A diet containing foods high in flavonoids may reduce the risk of cardiovascular disease. However, more research must be done before specific intake recommendations can be made. To reap the potential benefits of flavonoids, choose fruits and vegetables known to be good sources of flavonoids and follow the US Dietary Guidelines for Americans, which recommend eating fruits and vegetables every day (USDHHS and USDA 2020). An easy way to accomplish this is by aiming to make half of your plate fruits and vegetables (USDA and CNPP 2011).

References

Bhagwat, S., D.B. Haytowitz, and J.M. Holden. 2008. USDA Database for the isoflavone content of selected foods release 2.0. Beltsville, Maryland: U.S. Department of Agriculture. 

Bhagwat, S., D.B. Haytowitz, and J.M. Holden. 2013. USDA Database for the flavonoid content of selected Foods Release 3.1. Beltsville, Maryland: U.S. Department of Agriculture.

Erdman, J. W., Jr., D. Balentine, L. Arab, G. Beecher, J. T. Dwyer, J. Folts, J. Harnly, et al. 2007. "Flavonoids and heart health: proceedings of the ILSI North America Flavonoids Workshop, May 31-June 1, 2005, Washington, DC."  Journal of Nutrition 137 (3 Suppl 1):718s-737s. https://doi.org/10.1093/jn/137.3.718S.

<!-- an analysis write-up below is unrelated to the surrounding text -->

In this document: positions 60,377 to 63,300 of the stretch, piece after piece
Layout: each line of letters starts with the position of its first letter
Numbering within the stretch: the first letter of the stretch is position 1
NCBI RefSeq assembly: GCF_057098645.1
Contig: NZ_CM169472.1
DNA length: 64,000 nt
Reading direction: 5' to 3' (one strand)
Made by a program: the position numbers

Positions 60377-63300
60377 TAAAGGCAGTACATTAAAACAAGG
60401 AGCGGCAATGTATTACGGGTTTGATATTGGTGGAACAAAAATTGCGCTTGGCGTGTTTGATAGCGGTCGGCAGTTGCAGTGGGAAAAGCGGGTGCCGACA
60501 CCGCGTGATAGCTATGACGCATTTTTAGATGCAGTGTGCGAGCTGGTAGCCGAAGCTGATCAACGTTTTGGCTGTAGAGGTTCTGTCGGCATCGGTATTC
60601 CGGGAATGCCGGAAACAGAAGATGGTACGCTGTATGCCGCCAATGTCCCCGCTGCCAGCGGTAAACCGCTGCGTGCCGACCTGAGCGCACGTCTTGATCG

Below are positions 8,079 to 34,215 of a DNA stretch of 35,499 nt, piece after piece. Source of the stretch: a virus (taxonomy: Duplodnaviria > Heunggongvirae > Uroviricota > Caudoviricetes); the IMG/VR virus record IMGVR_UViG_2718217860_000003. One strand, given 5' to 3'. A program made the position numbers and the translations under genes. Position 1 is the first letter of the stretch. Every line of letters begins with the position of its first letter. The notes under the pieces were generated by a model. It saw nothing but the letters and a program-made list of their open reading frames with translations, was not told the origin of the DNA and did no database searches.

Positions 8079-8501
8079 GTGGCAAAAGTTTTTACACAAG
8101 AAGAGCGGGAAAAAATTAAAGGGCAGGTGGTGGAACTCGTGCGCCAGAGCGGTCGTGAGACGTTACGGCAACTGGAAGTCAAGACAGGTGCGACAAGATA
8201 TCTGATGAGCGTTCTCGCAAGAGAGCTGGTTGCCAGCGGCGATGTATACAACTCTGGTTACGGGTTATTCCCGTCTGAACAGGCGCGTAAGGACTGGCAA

Grosso, G., A. Micek, J. Godos, A. Pajak, S. Sciacca, F. Galvano, and E. L. Giovannucci. 2017. "Dietary flavonoid and lignan intake and mortality in prospective cohort studies: Systematic review and dose-response meta-analysis." American Journal of Epidemiology:1-13. https://doi.org/10.1093/aje/kww207.

Kerimi, A. and G. Williamson. 2015. "The cardiovascular benefits of dark chocolate."  Vascular Pharmacology 71:11-5. https://doi.org/10.1016/j.vph.2015.05.011.

Manach, C., A. Scalbert, C. Morand, C. Remesy, and L. Jimenez. 2004. "Polyphenols: food sources and bioavailability."  American Journal of Clinical Nutrition 79 (5):727-47. https://doi.org/10.1093/ajcn/79.5.727.

MedlinePlus 2012. Black Tea. http://www.nlm.nih.gov/medlineplus/druginfo/natural/997.html. Accessed March 17, 2021.

Mena, P., R. Dominguez-Perles, A. Girones-Vilaplana, N. Baenas, C. Garcia-Viguera, and D. Villano. 2014. "Flavan-3-ols, anthocyanins, and inflammation."  IUBMB Life 66 (11):745-58. https://doi.org/10.1002/iub.1332.

Peterson, J. J., Dwyer, J. T., Jacques, P. F., and McCullough, M. L. 2012. "Associations between flavonoids and cardiovascular disease incidence or mortality in European and US populations." Nutrition Reviews, 70, 491-508. https://doi.org/10.1111/j.1753-4887.2012.00508.x.